Reflexivity and Self-Reference
The phenomenon of referring is pervasive and regards all fields of human thought and activity, so much that it appears to be an inescapable basis of all that can be thought, conceptualized and expressed. The human capability of referring creates the basis for ordering the subjective perception of the world, for interpreting events, for interacting with others, etc., thus creating the basis for all activities which regard human cognition and which are essential for individual survival. Being able to establish self-references is even a necessary prerequisite for self-change and behavioural adjustment. Furthermore, the reflexive capacity underlies basic problemsolving abilities and makes mental adaptiveness possible.
Consciousness (in the form of self-consciousness) can be identified as the main source of reflexivity for human thought and action. Individuals think and are simultaneously conscious of their thought, so that all discourses are both directed to outward reality (the external world) and to the inner reality of the individual who formulates them, since she is conscious of expressing them. Therefore it can be said that each human discourse, being a human way of thought formulation, has a self-referring nature.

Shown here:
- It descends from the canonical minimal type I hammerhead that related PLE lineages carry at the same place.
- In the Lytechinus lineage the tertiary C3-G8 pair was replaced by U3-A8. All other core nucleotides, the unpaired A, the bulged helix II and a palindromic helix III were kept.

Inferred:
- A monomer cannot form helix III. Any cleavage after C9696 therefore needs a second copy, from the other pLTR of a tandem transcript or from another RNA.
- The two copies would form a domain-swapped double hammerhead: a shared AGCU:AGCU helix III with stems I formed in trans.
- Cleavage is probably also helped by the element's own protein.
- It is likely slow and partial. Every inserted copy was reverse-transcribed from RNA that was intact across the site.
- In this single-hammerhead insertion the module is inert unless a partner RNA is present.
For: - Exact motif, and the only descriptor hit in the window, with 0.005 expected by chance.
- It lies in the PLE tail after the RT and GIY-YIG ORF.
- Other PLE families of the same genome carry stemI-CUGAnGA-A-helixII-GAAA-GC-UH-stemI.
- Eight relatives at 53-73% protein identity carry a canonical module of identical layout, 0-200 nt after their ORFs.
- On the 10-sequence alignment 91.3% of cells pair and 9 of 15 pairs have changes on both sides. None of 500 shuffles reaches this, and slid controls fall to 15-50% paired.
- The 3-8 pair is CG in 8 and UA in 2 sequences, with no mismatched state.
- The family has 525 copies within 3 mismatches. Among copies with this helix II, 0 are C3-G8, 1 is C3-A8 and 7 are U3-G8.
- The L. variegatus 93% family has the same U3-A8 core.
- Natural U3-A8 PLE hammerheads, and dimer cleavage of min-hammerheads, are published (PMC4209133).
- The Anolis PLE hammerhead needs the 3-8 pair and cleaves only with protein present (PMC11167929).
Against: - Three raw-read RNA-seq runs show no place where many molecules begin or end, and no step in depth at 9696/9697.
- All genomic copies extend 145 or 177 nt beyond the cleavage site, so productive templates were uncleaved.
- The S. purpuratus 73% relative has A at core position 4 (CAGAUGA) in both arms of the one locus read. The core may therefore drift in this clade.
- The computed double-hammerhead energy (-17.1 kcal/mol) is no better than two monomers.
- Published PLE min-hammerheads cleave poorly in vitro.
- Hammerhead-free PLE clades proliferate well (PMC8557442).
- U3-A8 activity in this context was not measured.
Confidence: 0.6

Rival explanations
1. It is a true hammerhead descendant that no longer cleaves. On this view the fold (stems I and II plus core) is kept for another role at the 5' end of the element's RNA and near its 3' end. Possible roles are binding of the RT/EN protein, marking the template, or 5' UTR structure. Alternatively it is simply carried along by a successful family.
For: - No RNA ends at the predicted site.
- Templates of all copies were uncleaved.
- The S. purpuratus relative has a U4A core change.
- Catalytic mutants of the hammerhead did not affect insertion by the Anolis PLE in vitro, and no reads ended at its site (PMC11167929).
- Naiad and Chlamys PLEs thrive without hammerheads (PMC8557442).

This chapter is dedicated to the analysis of the polyvalent concept of “self-reference.” After its definition which will be accompanied by an overview of the different kinds of reference relations some common varieties and possible taxonomies for self-reference will be presented. The polymorphism of self-reference will be illustrated by its implications for formal and natural language. Logical consistency of self-reference in its different forms and contexts of appearance will then be discussed, in that the relation between self-reference and paradoxes will be deepened and some guidelines for testing the legitimacy of self-references will be extrapolated. The chapter concludes discussing the role of self-reference for human understanding as well as for social and individual decision making.
KeywordsFormal Language Human Thought Sentence Type Reference Relation Human Understanding
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